Kevin Burton is turning product and industry specialist with Sandvik Coromant Canada. Click image to enlargeby Kevin Burton

Getting machine investment ‘right from the start’ is the key to reducing payback times

Despite the significant investment that a new machine represents, the fact that around 70 per cent of machines are purchased un-tooled means that many manufacturers are still missing opportunities to reduce payback times and improve the return-on-investment (ROI) from their capital outlay. 

Achieving the best possible ROI requires recognition that a machine purchase is only one element of a successful installation. Carefully planned machine investment strategies should encompass both capital machine purchase and a detailed assessment of the best methods and tools for the chosen production task. Time taken as early as possible in the planning stage can pay huge dividends in terms of reducing the ‘total cost of acquisition in terms of a smooth installation, shorter run-off period, minimum business disruption, reduced cost-per-component and the earliest possible payback. 

Indeed, in some cases early identification of the best approach and tooling solutions may even present the opportunity to further improve ROI through the purchase of less expensive machines than originally planned. 

All key specialist players should be involved at the earliest possible stage, including machine tool, tooling, software, clamping and coolant suppliers. 

With pre-investment collaboration between the expert parties, overall results are inevitably better because difficulties are foreseen and addressed early. The focus is on priorities such as production costs and output, with discussions typically involving capacity objectives, process definition, choice of machining method, component machining costs, cycle times, tooling requirements, programming, work-holding, process flexibility, quality, unmanned operating possibilities, predictable tool life and tool-holding/changing.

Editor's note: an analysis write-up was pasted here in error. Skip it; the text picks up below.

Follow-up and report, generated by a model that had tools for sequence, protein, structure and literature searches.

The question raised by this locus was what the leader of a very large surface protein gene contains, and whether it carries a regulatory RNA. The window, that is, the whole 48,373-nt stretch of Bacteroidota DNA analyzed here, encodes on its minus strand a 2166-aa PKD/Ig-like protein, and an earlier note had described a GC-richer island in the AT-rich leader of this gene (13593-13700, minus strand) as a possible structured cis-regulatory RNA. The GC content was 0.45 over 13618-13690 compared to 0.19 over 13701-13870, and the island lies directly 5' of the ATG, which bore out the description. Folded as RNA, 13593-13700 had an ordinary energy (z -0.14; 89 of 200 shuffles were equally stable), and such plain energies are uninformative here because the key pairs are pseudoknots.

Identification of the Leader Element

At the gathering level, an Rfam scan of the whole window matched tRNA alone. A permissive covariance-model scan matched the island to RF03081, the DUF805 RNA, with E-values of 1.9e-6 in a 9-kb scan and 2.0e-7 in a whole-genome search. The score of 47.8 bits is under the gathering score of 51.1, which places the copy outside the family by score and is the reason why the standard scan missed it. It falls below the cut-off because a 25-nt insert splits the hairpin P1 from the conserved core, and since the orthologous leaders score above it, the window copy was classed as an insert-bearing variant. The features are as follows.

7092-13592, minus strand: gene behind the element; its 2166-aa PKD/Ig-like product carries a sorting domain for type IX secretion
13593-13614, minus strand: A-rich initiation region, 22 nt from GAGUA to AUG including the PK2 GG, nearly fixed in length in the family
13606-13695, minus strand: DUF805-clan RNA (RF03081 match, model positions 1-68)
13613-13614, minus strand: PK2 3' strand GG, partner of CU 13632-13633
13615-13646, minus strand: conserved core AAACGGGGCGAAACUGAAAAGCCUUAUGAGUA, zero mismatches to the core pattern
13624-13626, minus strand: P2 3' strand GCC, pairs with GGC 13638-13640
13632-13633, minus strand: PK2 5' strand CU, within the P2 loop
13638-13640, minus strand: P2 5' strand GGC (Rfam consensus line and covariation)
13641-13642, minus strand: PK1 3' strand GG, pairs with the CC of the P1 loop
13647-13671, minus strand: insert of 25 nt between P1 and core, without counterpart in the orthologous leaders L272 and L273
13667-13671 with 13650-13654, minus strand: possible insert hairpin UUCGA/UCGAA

Optimized production planning processClick image to enlargeUpfront planning 
From experience, if planning is not done correctly, the result will be extra costs for new tools and the loss of key people to other commitments. Also, the machine often becomes very busy, very quickly and it gets hard to find the time to address issues, which in turn leads to reactive ‘firefighting’ rather than proactive planning. 

By spending a little more time and effort in the beginning, those adopting sound machine investment (MI) practices will experience less surprises and frustrations, and come out ahead in the long run. This is about more than just equipping the machine–MI support relies on a unique combination of tools, tooling solutions, service and industry experience to help attain higher productivity, faster throughput, more rational tool management and reduced downtime. MI specialists can turn talk into concrete financial data based on target production parameters. A specially developed interactive program gives end users instant access to the direct and indirect benefits of smart machine tooling. 

Without doubt, tooling has a big influence on ROI, as a few simple examples show. For instance, while milling is demonstrably better for roughing and semi-finishing operations than rival processes, even when the need for straightforward turning is required, turn-milling with an end mill or face mill may be a better solution for metal removal rate.

Similarly, drilling is usually most efficient using an indexable insert short-hole drill. However, when there is a variation in hole sizes along with limitations to tool magazine stations or spindle power for large diameters, the flexibility of an end mill producing holes by helical interpolation may well be the best way forward.  

World of opportunity 
Through MI support, machine shops quickly see a new world of opportunities based on providing the power to run a new machine to its full potential. After all, custom-matched cutting for specific operations can increase cutting data by an impressive 20 per cent, which can mean a full 15 per cent reduction in total component cost. 

Of course, lower component costs are just one of many modern pressures facing the manufacturing industry. Others include global competition, reduced lead times, high raw material prices and ever more complex designs and exotic materials. Thus, those paying for a new machine should make sure it pays them back. MI offers a total package that can unleash the full potential of the investment, right from the start. SMT 

Kevin Burton is turning product and industry specialist with Sandvik Coromant Canada.   

 

 

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